Watching wildlife in Dunedin

We had a very special thing on our bucket list when we left Denmark: We wanted to see wild penguins. And rumours go that we could find yellow-eyed penguins on Otago Peninsula near Dunedin – or in general on the east coast of the South Island of New Zealand.

We put up the tent at Portobello Village Tourist Park, a lovely campsite with the hottest showers ever. From there we set out to explore both Dunedin and the peninsula on the hunt for a glimpse of some wildlife.

Our first attempt was the Sandfly Bay where there should be a fair chance to see fur seals and a marginal chance to see yellow-eyed penguins. To make a trip out of it we decided to walk from Sandymount – a small sandy mountain a few kilometres from the beach. The track took us through green farmland with sheeps and then out of nowhere amazing views from the top of very steep cliffs.

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However, soon the track turned into a more sandy version, and we encountered what seemed to be a huge dune down to the beach, and a big sign telling you about the wildlife you could see at the beach if you where quiet and willing to hide for a while. Thrilled by the chance of seeing some amazing animals and the fact that we appeared to be all alone we continued walking through the sand as quiet as possible. It took ages to walk through all the sand, but finally we reached the beach: Just to find around 100 other tourists that were not at all quiet nor hiding…

The amount of other tourists was a bit of a disappointment, but it was soon forgotten, as we got a glimpse of some New Zealand fur seals in the more quiet and rocky part of the beach. We quickly decided that it was time for a biscuit break and enjoyed the amazing fur seals posing for us for almost 30 minutes. It was awesome!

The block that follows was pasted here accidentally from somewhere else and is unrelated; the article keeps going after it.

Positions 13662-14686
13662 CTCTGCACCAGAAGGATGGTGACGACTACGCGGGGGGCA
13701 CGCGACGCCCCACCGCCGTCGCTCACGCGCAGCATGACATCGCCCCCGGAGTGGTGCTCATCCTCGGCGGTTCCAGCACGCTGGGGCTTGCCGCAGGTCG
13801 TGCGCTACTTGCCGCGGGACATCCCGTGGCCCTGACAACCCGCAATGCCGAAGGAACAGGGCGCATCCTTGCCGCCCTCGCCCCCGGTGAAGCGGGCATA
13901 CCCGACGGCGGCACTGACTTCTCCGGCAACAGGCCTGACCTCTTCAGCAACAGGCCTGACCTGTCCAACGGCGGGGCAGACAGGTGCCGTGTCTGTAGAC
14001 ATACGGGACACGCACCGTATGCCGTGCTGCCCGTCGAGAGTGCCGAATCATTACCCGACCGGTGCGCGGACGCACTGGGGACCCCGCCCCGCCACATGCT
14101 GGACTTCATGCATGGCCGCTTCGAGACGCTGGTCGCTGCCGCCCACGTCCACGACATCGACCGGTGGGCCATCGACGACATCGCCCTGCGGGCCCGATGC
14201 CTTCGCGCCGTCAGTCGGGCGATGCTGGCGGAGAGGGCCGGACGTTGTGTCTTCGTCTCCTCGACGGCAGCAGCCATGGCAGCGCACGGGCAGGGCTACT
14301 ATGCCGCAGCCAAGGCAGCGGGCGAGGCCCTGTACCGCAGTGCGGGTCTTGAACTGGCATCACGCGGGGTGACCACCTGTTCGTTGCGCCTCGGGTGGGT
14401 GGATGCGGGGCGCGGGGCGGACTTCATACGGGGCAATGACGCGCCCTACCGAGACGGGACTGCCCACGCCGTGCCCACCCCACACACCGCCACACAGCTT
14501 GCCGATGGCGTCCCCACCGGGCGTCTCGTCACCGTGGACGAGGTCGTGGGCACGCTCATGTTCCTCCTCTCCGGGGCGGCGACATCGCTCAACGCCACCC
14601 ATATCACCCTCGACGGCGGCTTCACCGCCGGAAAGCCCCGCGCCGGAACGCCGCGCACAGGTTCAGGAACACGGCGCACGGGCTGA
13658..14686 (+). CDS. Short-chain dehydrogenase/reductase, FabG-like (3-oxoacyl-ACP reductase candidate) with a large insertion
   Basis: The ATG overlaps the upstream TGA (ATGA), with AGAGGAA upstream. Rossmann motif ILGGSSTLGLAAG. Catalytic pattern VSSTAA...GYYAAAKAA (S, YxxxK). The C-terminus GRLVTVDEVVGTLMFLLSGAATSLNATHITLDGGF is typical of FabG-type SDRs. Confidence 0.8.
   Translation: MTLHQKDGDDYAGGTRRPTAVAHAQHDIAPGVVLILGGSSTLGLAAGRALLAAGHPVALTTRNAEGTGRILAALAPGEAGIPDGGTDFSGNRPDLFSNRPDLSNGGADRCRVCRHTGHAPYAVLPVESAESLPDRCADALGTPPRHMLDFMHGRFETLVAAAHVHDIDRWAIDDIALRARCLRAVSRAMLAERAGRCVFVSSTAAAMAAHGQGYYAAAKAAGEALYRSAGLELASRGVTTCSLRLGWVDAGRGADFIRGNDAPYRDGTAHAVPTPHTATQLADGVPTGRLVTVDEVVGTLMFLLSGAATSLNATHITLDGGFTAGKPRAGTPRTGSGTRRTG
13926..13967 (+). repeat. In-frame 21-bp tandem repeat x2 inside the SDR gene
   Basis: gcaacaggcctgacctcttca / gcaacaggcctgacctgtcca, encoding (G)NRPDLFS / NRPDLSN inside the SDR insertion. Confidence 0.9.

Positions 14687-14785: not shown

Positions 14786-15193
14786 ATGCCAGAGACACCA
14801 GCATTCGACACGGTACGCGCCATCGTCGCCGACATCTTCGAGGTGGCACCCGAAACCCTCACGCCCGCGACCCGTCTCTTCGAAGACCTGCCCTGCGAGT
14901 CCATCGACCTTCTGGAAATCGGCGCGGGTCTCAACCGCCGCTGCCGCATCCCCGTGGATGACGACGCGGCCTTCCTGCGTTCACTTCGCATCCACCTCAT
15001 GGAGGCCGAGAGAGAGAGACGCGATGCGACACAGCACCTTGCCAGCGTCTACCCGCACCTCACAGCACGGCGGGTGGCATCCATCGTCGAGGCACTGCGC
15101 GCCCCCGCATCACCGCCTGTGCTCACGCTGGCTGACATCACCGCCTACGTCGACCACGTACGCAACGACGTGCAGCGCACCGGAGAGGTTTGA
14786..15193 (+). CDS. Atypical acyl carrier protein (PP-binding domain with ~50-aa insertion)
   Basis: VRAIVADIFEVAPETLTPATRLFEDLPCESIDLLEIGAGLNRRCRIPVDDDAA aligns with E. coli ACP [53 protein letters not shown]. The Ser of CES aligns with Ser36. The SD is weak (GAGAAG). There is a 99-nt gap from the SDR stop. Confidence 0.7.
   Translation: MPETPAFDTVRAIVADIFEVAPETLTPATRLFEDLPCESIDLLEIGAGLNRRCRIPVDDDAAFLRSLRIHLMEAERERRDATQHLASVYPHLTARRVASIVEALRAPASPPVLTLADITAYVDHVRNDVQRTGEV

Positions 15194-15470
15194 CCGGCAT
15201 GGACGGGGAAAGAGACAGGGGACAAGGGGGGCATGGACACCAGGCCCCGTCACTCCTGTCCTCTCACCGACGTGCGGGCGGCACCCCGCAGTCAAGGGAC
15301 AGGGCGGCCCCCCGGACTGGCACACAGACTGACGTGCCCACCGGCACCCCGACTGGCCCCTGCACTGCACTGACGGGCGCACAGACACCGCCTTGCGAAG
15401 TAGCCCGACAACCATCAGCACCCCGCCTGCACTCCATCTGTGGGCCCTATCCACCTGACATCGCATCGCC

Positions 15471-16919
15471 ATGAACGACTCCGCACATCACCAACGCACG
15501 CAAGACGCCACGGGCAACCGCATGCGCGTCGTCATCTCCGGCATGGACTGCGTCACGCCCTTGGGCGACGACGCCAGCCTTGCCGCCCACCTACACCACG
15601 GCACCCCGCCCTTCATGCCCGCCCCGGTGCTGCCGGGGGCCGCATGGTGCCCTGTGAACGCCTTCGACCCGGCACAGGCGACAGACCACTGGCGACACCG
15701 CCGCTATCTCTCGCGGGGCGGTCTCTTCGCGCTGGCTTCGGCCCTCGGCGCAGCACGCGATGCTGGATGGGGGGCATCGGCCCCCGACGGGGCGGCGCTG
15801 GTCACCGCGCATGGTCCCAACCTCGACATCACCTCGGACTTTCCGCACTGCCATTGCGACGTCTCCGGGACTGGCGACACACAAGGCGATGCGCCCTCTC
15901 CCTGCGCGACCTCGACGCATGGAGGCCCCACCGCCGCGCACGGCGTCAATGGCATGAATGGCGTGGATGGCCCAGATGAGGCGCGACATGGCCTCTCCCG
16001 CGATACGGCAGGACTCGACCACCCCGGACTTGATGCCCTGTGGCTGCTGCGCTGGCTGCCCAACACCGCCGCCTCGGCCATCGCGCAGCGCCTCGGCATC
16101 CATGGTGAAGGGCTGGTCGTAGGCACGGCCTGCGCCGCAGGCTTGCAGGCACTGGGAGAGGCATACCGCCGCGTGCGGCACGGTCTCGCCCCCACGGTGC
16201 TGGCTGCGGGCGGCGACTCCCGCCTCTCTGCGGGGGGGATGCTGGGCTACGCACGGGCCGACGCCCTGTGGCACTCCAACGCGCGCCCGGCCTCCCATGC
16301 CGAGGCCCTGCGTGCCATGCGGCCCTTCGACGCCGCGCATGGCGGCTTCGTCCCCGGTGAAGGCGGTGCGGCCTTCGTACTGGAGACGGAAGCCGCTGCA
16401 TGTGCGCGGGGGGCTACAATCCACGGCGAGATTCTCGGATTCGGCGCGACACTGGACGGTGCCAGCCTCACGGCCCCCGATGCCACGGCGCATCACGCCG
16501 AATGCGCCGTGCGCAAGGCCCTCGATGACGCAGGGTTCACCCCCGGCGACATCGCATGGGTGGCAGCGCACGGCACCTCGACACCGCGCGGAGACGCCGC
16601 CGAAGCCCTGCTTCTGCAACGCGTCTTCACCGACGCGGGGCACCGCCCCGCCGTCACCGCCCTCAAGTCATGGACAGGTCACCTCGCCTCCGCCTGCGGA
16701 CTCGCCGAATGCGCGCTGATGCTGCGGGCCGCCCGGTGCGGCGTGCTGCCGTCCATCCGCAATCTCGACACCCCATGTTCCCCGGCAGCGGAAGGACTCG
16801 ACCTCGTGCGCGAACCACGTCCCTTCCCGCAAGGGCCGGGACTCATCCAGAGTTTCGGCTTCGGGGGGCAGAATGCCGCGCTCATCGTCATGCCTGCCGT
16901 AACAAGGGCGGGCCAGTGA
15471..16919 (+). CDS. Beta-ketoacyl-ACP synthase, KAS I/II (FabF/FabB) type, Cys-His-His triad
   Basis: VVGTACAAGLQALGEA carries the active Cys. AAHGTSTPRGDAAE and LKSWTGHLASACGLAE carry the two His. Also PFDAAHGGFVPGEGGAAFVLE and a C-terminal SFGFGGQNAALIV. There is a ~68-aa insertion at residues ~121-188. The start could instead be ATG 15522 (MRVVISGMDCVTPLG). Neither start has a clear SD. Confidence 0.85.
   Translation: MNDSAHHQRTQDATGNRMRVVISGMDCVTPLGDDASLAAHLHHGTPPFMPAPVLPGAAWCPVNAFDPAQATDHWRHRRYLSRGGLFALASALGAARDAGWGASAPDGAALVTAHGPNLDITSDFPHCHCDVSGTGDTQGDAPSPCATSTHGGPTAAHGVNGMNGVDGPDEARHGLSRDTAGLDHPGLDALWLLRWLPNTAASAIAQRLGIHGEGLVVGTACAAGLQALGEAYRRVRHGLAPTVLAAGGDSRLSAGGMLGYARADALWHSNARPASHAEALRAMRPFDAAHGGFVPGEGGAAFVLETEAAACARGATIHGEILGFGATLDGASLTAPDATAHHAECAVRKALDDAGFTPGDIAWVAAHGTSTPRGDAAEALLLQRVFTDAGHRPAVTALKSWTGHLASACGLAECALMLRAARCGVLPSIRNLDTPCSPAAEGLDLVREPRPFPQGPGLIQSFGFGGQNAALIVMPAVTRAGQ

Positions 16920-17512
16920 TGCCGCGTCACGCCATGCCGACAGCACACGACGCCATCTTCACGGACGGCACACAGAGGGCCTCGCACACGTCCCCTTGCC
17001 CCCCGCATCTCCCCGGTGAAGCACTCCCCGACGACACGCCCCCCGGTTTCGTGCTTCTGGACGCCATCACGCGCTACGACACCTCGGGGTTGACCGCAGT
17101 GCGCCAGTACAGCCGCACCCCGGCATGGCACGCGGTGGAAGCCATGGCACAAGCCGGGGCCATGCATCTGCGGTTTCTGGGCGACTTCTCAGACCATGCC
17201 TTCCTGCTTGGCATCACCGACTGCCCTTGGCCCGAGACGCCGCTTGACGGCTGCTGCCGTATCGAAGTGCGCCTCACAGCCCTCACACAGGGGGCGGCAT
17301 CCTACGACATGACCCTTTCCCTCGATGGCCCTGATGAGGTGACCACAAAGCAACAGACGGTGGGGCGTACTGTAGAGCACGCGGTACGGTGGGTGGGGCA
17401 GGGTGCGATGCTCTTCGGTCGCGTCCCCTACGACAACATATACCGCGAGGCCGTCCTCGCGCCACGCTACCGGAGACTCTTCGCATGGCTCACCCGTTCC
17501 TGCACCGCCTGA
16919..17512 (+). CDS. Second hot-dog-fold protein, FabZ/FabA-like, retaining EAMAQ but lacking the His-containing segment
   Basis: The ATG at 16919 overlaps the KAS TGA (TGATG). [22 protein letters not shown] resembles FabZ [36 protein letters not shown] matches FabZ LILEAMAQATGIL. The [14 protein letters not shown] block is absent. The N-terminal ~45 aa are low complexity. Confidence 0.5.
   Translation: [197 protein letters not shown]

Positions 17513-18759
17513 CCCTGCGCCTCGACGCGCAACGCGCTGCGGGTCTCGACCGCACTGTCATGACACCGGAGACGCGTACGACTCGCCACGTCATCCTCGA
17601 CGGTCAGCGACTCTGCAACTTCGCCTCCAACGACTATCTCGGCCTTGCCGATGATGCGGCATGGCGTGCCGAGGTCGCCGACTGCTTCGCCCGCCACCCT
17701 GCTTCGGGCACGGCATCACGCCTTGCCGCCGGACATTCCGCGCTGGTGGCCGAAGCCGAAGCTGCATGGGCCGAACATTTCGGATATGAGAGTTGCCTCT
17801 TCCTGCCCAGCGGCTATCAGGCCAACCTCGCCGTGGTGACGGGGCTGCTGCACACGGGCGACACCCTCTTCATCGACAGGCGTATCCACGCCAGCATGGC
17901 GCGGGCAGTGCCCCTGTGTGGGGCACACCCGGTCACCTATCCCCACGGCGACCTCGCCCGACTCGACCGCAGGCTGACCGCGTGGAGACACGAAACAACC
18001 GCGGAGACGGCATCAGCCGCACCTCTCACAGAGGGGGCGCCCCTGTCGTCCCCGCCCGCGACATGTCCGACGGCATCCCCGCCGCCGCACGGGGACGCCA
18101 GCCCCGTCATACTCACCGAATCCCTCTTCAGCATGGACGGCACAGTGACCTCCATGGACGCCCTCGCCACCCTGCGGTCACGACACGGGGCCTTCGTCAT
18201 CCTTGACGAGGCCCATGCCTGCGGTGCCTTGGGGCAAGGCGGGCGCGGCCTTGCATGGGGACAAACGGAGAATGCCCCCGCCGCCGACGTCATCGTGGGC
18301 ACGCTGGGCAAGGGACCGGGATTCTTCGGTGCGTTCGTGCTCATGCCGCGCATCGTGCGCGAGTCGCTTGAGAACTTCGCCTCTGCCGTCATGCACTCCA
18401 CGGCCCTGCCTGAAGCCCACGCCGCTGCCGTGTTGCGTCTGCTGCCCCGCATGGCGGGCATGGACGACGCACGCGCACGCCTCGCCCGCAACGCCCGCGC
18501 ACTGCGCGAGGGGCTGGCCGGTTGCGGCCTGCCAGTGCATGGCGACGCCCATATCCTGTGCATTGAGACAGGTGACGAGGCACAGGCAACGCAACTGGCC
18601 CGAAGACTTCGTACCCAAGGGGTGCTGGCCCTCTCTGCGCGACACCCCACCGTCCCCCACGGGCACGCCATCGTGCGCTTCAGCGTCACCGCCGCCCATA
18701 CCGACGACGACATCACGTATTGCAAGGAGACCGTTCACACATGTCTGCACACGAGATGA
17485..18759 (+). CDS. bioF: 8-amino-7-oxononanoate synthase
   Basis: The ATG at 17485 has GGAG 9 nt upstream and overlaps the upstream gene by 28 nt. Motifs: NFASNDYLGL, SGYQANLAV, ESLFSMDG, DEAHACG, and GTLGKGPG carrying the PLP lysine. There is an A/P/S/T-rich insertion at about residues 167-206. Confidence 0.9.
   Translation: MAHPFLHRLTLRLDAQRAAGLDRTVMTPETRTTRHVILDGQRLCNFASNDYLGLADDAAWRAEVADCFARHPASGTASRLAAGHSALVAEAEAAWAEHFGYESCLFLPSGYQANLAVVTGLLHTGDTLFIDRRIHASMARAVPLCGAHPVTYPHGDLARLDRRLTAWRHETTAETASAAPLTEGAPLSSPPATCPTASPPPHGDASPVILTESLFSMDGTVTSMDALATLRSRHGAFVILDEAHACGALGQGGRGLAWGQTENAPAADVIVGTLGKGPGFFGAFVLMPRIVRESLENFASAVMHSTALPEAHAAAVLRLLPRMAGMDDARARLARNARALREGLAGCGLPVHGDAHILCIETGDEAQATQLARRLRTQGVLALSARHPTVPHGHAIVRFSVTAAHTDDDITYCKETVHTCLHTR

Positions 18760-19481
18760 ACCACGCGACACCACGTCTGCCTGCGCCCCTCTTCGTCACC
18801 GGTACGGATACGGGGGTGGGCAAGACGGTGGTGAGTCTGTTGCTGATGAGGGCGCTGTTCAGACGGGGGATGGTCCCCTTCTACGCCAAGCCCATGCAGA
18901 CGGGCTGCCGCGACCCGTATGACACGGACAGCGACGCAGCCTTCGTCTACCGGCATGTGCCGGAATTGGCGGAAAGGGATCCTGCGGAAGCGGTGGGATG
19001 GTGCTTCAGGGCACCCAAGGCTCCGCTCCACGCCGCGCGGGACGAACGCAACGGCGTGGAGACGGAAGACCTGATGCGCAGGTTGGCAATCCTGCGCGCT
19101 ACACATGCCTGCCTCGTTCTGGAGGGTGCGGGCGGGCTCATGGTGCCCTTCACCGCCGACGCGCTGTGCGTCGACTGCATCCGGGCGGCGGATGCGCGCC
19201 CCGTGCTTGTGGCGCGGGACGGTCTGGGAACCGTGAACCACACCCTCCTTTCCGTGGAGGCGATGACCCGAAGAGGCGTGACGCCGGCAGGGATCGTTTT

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Soon it was time to move on, as we had an evening appointment with the wildlife reserve Penguin Place for a guided tour through their trenches to hopefully get a glimpse of one of the penguins nesting in their reserve.

Unfortunately, our way back was the same way as we arrived – through the dunes… It was about one hour of sweat, sand, relentless sunshine, and a never ending walk uphill in the sandy dune. We made it, but it was a tough one. Luckily enough we also made it just in time before the whole area was covered in a cloud of mist as we reached our car. A great and unexpected adventure out in the nature, and we saw the fur seals 🙂

The evening appointment with Penguin Place was no disappointment either. The yellow-eyed penguins are not fond of company; not even the company of other penguins. So they have a habit of returning from the ocean one by one at any time during the evening, and walk a lonely walk up the beach and the dunes to their nest. As only about 25 yellow-eyed penguins live in the wildlife reserve and they do not all return to their nest every day, it obviously requires some patience and luck to spot one of the yellow-eyed creatures. It must have been one of our lucky days, because just as we arrived 24 year old Jim decided to return from the ocean. Our guide Megan quickly led us through a system of semi underground tracks and hides to follow Jim on his route back to his nest, and we got some amazing close-up views and pictures of this rare yellow-eyed penguin. It may sound a little disappointing to go to a wildlife reserve to see just one penguin, but it was truly amazing 🙂

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Our rental period for the car is running out, so this is the end of our wildlife adventures. Next stop is Christchurch where we are finishing up our New Zealand adventures too.

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